Local View: Community can still save Superior Figure Skating Club
The Superior Figure Skating Club, an organization that has been a part of our community for 64 years, is soon coming to an end. Our city is about to endure a loss I feel could be avoided with community partnerships and involvement.
The Superior Figure Skating Club was established in 1955, originally at the Superior Municipal Ice Arena. In the 1980s, it moved to Wessman Arena on the campus of the University of Wisconsin-Superior.
The club introduces skaters 3 and up to the ice through a learn-to-skate program. As skaters progress, they have the opportunity to join the club to receive the benefit of more ice time, developmental group skating, the option of one-on-one training with a coach, and participation in an annual ice show. Skaters in the club can even choose to represent the city of Superior with athletics and grace at competition.
Unfortunately, club membership has dropped significantly over the past few years. This has been due, at least in part, to the only available weekday ice time being from 8 p.m. to 9 p.m. during winter months. Figure skating is low on the priority list for local arena schedulers, with the many levels of hockey that have to be accommodated. It is hard to ask parents of young children to skate that late on school nights, so there is no real opportunity to grow as a club.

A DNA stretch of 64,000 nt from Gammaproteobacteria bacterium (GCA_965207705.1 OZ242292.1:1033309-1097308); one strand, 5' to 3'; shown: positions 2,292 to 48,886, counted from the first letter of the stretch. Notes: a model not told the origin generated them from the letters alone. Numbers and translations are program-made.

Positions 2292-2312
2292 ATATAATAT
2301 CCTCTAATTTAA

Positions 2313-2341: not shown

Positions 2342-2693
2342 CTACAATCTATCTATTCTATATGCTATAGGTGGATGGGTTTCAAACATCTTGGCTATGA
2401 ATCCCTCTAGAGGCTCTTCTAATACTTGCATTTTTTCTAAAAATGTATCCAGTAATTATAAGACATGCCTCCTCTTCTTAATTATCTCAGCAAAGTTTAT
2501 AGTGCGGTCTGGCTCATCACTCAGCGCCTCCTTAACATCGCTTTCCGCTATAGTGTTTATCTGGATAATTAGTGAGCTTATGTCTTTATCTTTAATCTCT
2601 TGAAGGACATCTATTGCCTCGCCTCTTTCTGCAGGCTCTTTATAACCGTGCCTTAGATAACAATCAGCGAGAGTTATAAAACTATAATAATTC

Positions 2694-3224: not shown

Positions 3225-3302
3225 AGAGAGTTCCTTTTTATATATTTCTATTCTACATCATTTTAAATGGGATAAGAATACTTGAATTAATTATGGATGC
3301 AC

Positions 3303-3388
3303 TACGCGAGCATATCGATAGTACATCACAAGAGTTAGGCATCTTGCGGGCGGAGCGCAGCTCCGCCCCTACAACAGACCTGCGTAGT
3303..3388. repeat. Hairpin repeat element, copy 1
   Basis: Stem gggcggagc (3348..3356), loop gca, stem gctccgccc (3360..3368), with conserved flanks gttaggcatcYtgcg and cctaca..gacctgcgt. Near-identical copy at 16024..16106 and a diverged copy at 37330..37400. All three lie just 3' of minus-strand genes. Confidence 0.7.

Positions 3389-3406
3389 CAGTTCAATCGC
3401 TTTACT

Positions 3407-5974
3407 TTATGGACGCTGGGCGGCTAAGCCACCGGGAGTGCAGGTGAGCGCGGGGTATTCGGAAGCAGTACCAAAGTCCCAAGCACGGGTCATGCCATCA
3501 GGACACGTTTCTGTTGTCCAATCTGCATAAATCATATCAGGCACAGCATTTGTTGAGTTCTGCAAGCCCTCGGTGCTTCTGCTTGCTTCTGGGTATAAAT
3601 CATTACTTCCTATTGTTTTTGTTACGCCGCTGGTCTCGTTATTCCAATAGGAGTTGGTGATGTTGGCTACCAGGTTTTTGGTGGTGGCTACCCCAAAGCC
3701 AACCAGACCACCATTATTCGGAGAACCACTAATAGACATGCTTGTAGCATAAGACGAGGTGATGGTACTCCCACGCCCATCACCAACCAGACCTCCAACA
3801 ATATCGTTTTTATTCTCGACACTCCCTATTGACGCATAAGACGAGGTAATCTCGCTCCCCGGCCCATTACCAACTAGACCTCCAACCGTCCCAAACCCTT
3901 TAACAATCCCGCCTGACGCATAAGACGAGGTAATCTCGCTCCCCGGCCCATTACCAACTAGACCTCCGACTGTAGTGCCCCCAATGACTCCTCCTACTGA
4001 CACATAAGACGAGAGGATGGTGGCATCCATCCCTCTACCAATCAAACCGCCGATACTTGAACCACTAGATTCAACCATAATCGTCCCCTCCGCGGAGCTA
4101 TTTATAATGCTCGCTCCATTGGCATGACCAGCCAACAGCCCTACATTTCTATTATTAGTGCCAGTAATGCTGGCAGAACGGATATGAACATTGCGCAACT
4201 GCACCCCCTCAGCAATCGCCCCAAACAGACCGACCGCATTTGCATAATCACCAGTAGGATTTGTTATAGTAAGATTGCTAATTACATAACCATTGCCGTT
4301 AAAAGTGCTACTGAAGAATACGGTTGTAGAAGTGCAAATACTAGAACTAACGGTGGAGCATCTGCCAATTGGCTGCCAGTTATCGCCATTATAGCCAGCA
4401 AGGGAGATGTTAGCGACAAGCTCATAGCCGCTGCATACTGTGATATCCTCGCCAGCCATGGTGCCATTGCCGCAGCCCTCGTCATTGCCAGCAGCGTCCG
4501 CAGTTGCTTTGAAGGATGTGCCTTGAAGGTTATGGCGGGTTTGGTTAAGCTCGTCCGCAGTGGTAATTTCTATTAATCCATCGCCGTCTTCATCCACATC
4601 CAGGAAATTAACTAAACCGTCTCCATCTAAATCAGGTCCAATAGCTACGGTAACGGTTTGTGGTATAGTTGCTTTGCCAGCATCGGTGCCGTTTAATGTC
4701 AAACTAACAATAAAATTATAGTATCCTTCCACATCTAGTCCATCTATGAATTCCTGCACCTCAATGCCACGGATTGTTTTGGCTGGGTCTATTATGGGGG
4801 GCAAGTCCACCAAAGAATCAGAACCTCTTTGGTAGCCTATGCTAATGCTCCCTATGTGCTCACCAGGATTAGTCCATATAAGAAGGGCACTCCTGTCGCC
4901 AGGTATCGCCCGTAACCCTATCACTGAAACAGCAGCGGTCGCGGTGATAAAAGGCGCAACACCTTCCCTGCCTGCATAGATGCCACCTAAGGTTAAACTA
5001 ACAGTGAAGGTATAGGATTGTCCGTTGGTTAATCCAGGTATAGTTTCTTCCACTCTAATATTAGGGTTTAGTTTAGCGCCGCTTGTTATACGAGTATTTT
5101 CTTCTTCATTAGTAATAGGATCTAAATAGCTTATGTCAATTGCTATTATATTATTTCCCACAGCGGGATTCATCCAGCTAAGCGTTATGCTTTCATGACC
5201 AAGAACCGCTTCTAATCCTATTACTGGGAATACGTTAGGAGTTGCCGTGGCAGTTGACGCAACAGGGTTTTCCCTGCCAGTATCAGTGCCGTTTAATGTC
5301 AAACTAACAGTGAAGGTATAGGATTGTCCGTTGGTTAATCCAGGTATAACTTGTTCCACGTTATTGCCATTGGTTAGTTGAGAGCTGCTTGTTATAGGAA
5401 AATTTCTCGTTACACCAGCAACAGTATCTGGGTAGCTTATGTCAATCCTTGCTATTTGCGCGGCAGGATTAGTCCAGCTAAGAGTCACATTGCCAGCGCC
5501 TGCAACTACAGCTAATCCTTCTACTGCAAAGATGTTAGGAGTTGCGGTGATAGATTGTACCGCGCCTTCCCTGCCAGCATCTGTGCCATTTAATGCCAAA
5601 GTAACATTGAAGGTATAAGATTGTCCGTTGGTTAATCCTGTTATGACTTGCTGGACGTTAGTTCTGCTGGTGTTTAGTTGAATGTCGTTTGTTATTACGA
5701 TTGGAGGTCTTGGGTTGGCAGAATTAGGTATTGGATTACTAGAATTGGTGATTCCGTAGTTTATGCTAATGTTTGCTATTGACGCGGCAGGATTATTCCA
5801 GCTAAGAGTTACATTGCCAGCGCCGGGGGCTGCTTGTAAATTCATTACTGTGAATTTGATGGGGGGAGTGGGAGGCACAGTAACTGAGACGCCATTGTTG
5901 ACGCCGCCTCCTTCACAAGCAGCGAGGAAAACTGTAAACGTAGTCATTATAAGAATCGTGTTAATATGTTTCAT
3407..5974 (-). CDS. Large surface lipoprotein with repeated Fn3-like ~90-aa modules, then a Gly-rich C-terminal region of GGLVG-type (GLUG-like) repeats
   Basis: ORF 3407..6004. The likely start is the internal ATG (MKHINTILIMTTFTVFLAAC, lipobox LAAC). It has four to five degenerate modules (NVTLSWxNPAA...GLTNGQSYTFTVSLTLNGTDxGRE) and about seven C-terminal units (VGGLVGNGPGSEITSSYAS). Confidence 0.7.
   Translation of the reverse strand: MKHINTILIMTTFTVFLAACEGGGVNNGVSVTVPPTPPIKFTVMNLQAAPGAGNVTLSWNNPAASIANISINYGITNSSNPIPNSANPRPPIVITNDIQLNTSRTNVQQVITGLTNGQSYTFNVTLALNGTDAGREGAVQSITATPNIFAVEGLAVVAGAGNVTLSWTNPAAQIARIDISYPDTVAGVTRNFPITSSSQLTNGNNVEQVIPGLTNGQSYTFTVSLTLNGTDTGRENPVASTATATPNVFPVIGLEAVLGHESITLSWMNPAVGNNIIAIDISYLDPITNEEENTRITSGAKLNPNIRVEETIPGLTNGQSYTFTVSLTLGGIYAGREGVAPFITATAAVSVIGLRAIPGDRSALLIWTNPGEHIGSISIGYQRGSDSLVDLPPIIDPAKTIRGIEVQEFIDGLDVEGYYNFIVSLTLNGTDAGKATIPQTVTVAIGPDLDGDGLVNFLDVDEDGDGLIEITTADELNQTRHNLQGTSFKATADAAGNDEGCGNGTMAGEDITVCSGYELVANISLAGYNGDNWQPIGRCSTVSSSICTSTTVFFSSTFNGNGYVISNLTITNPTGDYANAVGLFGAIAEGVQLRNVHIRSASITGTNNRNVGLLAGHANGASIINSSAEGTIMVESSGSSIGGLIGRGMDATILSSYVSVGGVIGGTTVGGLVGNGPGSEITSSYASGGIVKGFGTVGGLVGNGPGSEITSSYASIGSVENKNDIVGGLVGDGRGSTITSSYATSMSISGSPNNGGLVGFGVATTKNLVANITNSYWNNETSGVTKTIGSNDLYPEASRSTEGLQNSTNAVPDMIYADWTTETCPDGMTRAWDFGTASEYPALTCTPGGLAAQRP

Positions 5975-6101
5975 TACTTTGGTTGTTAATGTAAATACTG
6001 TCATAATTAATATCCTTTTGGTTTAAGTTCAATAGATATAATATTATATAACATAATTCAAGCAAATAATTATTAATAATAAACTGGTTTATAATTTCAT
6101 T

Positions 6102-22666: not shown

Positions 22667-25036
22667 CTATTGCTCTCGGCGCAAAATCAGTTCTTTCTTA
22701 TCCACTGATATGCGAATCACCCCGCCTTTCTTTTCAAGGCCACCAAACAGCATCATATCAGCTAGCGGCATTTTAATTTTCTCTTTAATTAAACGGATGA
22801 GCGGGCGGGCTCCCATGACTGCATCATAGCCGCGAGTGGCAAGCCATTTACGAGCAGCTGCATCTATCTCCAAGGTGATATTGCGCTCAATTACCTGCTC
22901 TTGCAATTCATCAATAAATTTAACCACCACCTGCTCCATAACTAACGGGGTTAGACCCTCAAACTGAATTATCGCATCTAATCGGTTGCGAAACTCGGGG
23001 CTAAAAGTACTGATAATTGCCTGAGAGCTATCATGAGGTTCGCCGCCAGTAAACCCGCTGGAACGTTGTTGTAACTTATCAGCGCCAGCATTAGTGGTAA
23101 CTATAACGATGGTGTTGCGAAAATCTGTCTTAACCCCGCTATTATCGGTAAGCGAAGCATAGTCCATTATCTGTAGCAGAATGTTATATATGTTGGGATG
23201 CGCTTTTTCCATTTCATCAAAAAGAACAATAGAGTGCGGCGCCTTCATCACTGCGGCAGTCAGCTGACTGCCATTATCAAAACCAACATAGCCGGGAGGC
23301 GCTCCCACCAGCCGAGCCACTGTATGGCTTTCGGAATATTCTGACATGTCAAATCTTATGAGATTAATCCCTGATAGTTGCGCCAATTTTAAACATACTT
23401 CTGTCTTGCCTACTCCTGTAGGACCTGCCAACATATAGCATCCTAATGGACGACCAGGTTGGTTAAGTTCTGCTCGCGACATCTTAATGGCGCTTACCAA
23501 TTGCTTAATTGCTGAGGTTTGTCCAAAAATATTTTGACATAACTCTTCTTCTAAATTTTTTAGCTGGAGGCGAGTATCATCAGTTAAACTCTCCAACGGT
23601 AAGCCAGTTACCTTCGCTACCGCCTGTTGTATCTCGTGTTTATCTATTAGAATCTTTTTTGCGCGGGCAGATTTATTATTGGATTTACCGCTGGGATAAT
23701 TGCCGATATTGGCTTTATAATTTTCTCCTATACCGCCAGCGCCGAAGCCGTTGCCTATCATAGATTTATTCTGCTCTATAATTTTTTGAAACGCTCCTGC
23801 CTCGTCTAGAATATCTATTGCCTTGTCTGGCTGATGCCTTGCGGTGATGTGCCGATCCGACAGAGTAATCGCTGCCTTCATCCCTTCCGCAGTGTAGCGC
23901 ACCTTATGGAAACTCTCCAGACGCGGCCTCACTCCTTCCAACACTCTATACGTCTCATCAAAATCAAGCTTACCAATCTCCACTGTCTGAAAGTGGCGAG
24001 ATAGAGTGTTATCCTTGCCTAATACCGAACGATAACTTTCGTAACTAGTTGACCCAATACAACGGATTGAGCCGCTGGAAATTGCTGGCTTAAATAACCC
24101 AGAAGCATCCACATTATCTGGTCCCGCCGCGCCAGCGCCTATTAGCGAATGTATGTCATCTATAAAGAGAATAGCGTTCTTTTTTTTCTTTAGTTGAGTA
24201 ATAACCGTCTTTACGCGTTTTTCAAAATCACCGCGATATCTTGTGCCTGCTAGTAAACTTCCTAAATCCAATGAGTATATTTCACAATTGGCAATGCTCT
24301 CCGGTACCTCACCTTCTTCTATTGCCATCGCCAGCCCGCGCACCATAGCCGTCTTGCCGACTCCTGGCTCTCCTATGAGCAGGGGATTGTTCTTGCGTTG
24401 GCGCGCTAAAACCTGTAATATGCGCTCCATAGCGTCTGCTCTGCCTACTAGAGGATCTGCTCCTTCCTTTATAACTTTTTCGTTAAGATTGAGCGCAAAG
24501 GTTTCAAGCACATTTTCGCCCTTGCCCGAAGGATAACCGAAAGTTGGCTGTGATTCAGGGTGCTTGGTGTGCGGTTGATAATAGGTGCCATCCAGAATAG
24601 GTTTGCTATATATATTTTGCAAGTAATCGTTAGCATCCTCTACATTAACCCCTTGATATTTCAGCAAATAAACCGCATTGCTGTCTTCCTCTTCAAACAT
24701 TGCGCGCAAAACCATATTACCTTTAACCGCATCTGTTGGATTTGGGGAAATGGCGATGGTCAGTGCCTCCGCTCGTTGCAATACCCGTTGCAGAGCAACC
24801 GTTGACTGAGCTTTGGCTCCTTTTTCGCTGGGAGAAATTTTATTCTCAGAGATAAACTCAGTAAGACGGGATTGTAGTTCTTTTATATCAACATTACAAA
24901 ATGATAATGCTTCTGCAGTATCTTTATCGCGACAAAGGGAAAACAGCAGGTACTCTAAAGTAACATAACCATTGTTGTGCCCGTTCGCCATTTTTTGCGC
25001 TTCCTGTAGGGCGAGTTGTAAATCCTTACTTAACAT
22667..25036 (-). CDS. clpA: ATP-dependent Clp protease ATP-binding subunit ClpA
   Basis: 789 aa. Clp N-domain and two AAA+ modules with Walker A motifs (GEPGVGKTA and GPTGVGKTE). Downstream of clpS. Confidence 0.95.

Parents are choosing to move their skaters to Duluth or choose a different activity for their kids altogether.
With reduced participation and mounting costs, the club will be forced to end with our last scheduled ice time, an exhibition on March 9. We were forced to cancel our annual ice show due to a lack of participation and money.
I grew up skating in the Superior Figure Skating Club, and now my 13-year-old daughter has taken this journey. She loves to figure skate, and this is heartbreaking for her.
The common response is, "You could always skate in Duluth." Yes, but we are from Superior!
The culture in the Superior club always has been family-oriented for younger skaters who may not necessarily want to compete but who enjoy the recreational development of figure-skating skills.
As an alumni of the club, I am so disappointed we will no longer be able to offer Superior Figure Skating to my child and yours. There has been a strong heart and a willingness from all involved. But without ice, we can no longer offer the club experience.
I plead to you as community members to consider the value we provide as a recreational option here in the Northland and the loss many of us will feel when it is gone.
Sue Isackson of Superior grew up skating in the Superior Figure Skating Club, and her 13-year-old daughter now is part of the club.